September 30, 2010

Even More Cru Boo For You: 2009 Marcel Lapierrre Morgon

As I said in my post last week, 2009 was a great vintage for Cru Beaujolais. I tore into another bottle this past weekend, the 2009 Marcel Lapierre Morgon.
Morgon is a special piece of land in Beaujolais, the wines from Morgon are far different than the regional, and rather insipid, Beaujolais Nouveau that has penetrated the American market so well. This 2009 was packed with dense, juicy red fruit. There's also clean, stony and earthy elements. That being said, the wine is also quite a monster right now. Really big and powerful palate impression with plenty in reserve. Nice stuff. Compelling wines these '09s.

I picked up the Lapierre for $20 at Tower on Piedmont. Go get some. Drink one now, and bury a couple to try a few years down the road. You won't be disappointed.

September 27, 2010

Good Eats: Cakes & Ale: Still Decatur's Finest

Paid another visit to Cakes and Ale last weekend. Hard to believe it had been four months, but time does fly. Once again, Cakes & Ale demonstrated their understated brilliance and I left as happy as ever. Half a dozen visits and I can find nary a miss in any bit of food they've served me in that time.
What Cakes and Ale does so well is that they pack wonderfully seasonal and fresh flavors and textures into all their dishes. This visit, a simple house-confit of tuna with farm egg and veggies salad just sang. 
Crispy beans and red potatoes tossed in a house pesto with a perfectly cooked farm egg with moist-fatty tuna was just delicious.
The menu featured a half dozen main plates that showed a leaning toward the coming fall season. When chef Billy came out later in the night we joked about being ready for fall weather and food; hence his menu starting to lean in that direction.


The quail dish was simply one of the more satisfying dishes I've had lately. Well-seasoned and succulent quail over silky and decadent polenta topped with eggplant, onion, fresh figs, and a drizzle of aged balsimico. I freaking loved this dish and my mouth is watering now as I write about it.

My wife opted for the gnocchi with braised lamb, green tomatoes and pecorino fresco. It, too, was rather sublime and a wonderful nod to the coming fall season. Again, you may not need me to tell you, but Cakes & Ale is the real deal and a treasure in the still-developing Decatur dining scene.
Cakes & Ale on Urbanspoon

September 22, 2010

A Tale of Two Bottles of Wine: 2003 Tablas Creek Espirit de Beaucastel

I opened my last bottle of the 2003 Tablas Creek Espirit de Beaucastel this past weekend. I went through a period when Tablas Creek was one of my favorite California wineries. Tablas Creek makes great Rhone-styled wines in Paso Robles, CA. The Espirit bottling represents a collaboration between Tablas Creek and the Perrin family who operate one of the Rhone Valley's greatest estates, Chateau de Beaucastel.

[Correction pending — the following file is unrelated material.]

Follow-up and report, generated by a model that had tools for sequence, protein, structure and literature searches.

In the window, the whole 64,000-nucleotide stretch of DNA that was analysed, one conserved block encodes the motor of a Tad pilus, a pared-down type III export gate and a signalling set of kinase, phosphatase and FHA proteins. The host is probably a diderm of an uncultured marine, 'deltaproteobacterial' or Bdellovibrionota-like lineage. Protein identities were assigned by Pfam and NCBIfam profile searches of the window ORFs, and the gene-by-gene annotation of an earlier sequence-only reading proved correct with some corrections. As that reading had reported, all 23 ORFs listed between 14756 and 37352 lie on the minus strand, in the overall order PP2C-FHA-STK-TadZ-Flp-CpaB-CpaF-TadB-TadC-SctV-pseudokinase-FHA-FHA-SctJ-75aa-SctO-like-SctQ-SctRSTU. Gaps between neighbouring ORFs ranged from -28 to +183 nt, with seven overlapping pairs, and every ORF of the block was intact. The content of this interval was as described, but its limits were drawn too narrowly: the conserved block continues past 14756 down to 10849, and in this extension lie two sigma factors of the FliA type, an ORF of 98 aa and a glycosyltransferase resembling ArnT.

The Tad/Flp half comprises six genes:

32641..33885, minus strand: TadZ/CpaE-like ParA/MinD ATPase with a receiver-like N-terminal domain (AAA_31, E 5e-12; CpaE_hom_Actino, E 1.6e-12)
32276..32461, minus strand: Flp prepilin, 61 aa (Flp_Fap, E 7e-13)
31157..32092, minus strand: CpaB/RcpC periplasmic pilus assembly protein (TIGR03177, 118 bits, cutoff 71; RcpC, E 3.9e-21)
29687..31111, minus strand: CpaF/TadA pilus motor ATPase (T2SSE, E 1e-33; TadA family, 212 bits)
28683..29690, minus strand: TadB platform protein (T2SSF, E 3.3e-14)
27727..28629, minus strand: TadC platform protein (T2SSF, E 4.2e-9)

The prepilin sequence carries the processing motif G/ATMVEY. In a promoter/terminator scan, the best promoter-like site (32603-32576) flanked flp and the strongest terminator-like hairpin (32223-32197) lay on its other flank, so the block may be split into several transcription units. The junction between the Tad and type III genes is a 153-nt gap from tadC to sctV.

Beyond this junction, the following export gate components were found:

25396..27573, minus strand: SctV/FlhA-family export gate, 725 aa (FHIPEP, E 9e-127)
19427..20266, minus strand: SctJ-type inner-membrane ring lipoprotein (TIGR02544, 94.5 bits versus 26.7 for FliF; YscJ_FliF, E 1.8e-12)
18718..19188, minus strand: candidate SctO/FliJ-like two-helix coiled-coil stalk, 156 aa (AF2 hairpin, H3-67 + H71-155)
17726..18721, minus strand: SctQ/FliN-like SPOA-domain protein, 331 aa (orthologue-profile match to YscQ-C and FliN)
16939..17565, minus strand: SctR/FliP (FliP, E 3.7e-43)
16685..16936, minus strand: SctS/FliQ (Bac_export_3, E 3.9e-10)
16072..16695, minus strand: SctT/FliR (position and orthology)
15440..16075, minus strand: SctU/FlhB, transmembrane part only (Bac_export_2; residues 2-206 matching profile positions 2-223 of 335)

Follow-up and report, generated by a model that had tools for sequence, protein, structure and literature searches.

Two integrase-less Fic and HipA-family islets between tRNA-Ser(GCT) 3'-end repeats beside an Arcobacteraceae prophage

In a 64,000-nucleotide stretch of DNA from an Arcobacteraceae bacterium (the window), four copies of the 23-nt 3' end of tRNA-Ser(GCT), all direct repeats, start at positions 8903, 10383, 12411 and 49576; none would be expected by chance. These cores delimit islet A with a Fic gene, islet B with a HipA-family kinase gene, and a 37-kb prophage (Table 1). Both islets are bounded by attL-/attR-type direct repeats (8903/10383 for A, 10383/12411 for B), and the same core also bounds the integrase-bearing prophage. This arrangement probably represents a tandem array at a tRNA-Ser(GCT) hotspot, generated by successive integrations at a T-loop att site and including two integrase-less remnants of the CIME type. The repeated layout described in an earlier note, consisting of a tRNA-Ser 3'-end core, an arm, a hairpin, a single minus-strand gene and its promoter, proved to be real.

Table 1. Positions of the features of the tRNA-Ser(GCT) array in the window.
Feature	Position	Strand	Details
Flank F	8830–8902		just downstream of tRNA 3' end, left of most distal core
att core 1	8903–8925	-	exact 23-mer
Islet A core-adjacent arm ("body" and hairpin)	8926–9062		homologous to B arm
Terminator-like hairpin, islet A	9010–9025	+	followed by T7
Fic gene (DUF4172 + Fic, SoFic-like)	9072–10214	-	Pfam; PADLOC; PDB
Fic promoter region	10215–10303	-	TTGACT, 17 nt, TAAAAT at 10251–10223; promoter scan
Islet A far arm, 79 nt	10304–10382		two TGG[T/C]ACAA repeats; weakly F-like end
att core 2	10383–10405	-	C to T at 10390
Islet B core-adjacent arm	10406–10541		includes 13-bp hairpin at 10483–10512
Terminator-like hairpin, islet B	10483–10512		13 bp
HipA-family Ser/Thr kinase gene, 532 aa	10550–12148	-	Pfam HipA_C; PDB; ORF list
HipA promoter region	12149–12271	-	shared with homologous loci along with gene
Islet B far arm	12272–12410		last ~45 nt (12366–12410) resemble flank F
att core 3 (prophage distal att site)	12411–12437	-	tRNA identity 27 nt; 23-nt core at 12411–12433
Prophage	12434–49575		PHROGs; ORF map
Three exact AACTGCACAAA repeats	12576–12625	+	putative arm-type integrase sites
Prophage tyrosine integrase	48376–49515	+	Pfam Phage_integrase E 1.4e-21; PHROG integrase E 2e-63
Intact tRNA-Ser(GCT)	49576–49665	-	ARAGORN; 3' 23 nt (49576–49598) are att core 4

Coincidentally, while Tweeting about my weekend drinking activities, local wine instructor, aficionado, and blogger, Elizabeth Schneider of Wine For Normal People was ready to open the same bottle. We agreed to open the bottles this past weekend and post on our experiences following our respective tastings.
According to my Cellartracker account, I had consumed (and really enjoyed) 5 bottles of this wine (as well as several other vintages of numerous Tablas Creek wines) over the past four years. Initially, this 2003 revealed a rather brawny and tannic wine that needed some time to shed its youthful outer shell. This  recent bottle was the most "ready" of any of the bottles opened. The tannins had mostly faded to a sweet backdrop and the darkish fruit was open, sweet, and lush. The wine will probably drink well for many more years, but there's really no reason to wait to open a bottle.

Now, it seems that my bottle showed a lot better than the bottle that Elizabeth opened. You can find her full report on her blog, but a snippet from her review reveals a bottle that was, "tight, acidic, and lacked any fruitiness. It had harsh vinegar notes and was thoroughly unpleasant." An experience that was far different than what I tasted in the bottle I opened.

So, what's the point of a post on the two bottles here? Well, as Elizabeth deftly points out, there are a couple of points. One being that bottle variation exists because wine is a fragile, living substance that is open to numerous conditions from barrel to bottle that may compromise the wines vitality and ability to age. There were 2000 cases of this wine produced, that's 24,000 bottles of wine! There are bound to be some inconsistencies. The other lesson here is that is difficult to judge a winery on the sampling of one random bottle of wine. Remember this the next time you want to write off a wine or winery after just one taste.

Oh yeah...the last point is that Tablas Creek makes great wines. Go get some!

September 20, 2010

Cru Boo Kills It In 2009

I will admit it, I was slow to warm to Cru Boo. Perhaps it was due to my being weaned on domestic wines, I somehow missed the wonder that is Cru Beaujolais until recently. However, now that I am firmly in the old school camp when it comes to wine, Cru Boo makes all kind of funky sense to me. I guess it was bound to happen when one heeds the sage advice of DirtySouthWine over the years.

In case you were wondering, 2009 is a bit of a homerun for Cru Beaujolais. 2009 was a hot year, with just a bit of rain in the summer that lead to optimal ripeness and concentrated, powerful wines. Remember, Cru Boo is not Beaujolais Nouveau, the often insipid-not-too serious-wine you find with funny labels in supermarkets. Cru Boo is serious juice.